Trip to an abandoned railway line in Paris

If you’ve visited Paris as many times as I have you’ll have checked off all the essential tourist hubs and now want to experience the nitty-gritty of the real Paris.

Far from the tour buses that run through Place de la Concorde and the groups taking selfies on Île de la Cité, the outskirts of Paris are home to cultural charms that are worth every minute of the metro ride. Or, if you’re up for it, a journey along a different set of tracks.

The defunct 19th century railway La Petite Ceinture (little belt) once encircled Paris, linking the city’s margins. The 30km (19 miles) line was constructed between 1851 and 1867, but fell into disuse in the 1930s, after which its walls were tagged with graffiti, and rare plants and animals moved into the abandoned space. Today, the city is working to repurpose La Petite Ceinture as a biodiverse pathway across the capital.

The railway’s first refurbished section, located in the upscale 16th arrondissement, was opened to pedestrians in 2007. Here at the most western edge of Paris is the sprawling Bois de Boulogne, home to the Longchamp Racetrack, the Fondation Louis Vuitton and the Jardin d’Acclimatation. On the park’s border, the Musée Marmottan Monet was once the hunting lodge of the Duc de Valmy, and now houses the world’s foremost collection of Claude Monet paintings. The painter’s second son, Michel Monet, bequeathed his entire collection to the museum in 1966.

Musée Marmottan Monet - Paris tourist office

In the adjacent 15th arrondissement, a one and a half kilometre (one mile) stretch of La Petite Ceinture is also open to the public. Beginning at Rue Olivier de Serres, the tracks run up against Parc André Citroën. On the other side of the park sits La Javelle, a popular hangout and open-air concert space on the western bank of the Seine.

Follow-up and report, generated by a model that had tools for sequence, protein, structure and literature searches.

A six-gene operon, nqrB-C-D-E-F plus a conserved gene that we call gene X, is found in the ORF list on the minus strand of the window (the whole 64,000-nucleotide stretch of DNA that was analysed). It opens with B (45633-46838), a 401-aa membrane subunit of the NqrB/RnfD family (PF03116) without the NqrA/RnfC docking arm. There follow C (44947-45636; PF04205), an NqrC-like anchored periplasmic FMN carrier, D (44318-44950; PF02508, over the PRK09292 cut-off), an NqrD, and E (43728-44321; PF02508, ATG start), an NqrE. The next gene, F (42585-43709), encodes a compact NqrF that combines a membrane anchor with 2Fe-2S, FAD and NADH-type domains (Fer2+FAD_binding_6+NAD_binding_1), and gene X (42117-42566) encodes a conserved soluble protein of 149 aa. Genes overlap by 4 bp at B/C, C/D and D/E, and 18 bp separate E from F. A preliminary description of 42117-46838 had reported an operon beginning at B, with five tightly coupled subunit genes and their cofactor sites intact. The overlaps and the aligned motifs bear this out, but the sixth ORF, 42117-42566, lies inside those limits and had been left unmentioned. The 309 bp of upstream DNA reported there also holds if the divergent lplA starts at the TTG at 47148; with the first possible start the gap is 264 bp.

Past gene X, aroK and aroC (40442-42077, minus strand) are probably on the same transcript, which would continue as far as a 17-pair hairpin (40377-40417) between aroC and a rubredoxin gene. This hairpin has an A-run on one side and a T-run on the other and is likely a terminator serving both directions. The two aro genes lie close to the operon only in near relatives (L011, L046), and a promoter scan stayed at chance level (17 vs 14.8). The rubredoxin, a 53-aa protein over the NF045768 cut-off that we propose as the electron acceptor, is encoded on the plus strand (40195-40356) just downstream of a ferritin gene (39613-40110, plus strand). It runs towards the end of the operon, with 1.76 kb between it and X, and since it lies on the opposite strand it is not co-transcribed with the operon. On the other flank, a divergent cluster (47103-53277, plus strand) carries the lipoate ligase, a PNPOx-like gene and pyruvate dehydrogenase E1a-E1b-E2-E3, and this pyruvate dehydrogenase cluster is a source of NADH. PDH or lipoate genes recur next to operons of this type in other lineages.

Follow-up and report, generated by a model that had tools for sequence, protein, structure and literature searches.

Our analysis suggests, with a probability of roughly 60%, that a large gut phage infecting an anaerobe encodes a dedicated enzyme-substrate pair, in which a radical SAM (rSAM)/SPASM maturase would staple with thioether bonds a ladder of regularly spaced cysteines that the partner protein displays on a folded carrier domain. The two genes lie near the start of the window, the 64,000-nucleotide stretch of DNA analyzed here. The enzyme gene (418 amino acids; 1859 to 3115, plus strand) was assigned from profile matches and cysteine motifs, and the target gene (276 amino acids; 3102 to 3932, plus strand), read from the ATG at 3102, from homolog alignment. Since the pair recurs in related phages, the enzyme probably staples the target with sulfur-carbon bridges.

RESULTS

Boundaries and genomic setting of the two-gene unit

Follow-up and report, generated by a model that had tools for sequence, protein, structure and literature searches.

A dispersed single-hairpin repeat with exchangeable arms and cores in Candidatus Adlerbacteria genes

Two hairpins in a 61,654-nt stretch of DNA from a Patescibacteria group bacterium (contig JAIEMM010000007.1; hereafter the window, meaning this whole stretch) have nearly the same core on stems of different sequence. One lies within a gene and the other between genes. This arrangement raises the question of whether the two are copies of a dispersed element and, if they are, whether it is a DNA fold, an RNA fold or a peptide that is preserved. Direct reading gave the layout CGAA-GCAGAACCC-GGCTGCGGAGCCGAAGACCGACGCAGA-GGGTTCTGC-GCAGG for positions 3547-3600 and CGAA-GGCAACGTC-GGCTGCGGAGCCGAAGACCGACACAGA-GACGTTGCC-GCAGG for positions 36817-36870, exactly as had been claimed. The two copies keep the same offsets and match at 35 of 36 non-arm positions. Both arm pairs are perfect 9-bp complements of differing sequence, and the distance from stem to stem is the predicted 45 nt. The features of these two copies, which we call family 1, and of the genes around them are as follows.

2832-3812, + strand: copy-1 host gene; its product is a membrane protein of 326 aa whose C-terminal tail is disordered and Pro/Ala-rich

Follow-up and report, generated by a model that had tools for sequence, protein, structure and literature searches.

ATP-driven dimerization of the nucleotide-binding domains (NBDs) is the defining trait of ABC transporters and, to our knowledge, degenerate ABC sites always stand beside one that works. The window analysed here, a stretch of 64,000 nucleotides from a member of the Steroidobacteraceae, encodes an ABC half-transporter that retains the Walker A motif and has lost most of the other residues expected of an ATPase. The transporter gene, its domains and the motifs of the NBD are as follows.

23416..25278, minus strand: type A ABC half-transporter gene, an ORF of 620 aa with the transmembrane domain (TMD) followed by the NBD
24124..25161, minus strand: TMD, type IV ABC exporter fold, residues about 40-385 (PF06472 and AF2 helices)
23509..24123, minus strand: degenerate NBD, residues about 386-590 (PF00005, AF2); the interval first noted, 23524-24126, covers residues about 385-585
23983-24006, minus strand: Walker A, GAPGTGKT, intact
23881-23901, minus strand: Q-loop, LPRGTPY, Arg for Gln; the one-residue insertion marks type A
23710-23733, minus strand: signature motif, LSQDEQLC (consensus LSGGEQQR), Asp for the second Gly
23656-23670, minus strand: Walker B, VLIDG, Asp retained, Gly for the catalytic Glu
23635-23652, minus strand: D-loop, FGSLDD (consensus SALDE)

Inauguration de la Porte Asiatique du 13ème ! - Chinatown Paris

Follow La Petite Ceinture farther south east to 13th arrondissement, and there’s a reconstructed part of the railway that connects the Jardin Charles Trenet to Le Jardin du Moulin de la Pointe. This neighbourhood is known as the Chinatown of Paris – the Quartier Asiatique – and showcases an eclectic mix of newly constructed high-rises and traditional Haussmann-style architecture. With Chinese grocery shops, restaurants and businesses, the atmosphere here is unlike anywhere else in the rest of the city.

Bois de Vincennes - Paris tourist office

In the neighbouring 12th arrondissement, La Petite Ceinture is raised above ground level, similar to The Highline in New York City, offering expansive views of the surrounding quartier. A small park with community gardens has been constructed around the tracks and merges into Square Charles-Péguy. You can look out across the Bois de Vincennes, Paris’s largest park which stretches for almost 2,500 acres and encapsulates the Parc Floral de Paris and the Parc Zoologique de Paris.

La librairie "L'eau et les rêves" : la tête dans les nuages et les pieds dans l'eau - PlumCulture

From here, La Petite Ceinture cuts through a large park that runs up to the border of 19th arrondissement and right across the Villette Canal, where one of the most unusual bookshops in Paris can be found floating in the water. Anchored towards the canal’s middle section, L’Eau et les Rêves stocks a collection of marine-inspired literature, fiction, nonfiction and guidebooks in an old barge.

Album Photos Les photos du Hasard Ludique

Now trace the tracks of La Petite Ceinture all the way to 18th arrondissement, where there are further rehabilitated sections of railway, but also refurbished train stations, such as Le Hasard Ludique. Originally the Gare Saint-Ouen, the building was a train station from 1863 until 1934. It has gone through several reincarnations since then, and is now a restaurant, concert venue and arts space. During the autumn, spring and summer months, the tracks here are open to the public.

La REcyclerie | Urbansider

Farther down the road, housed in another abandoned station, is La REcyclerie, an eatery dedicated to “upcycling” – in addition to its café and bar space, it offers educational classes, talks and film screenings.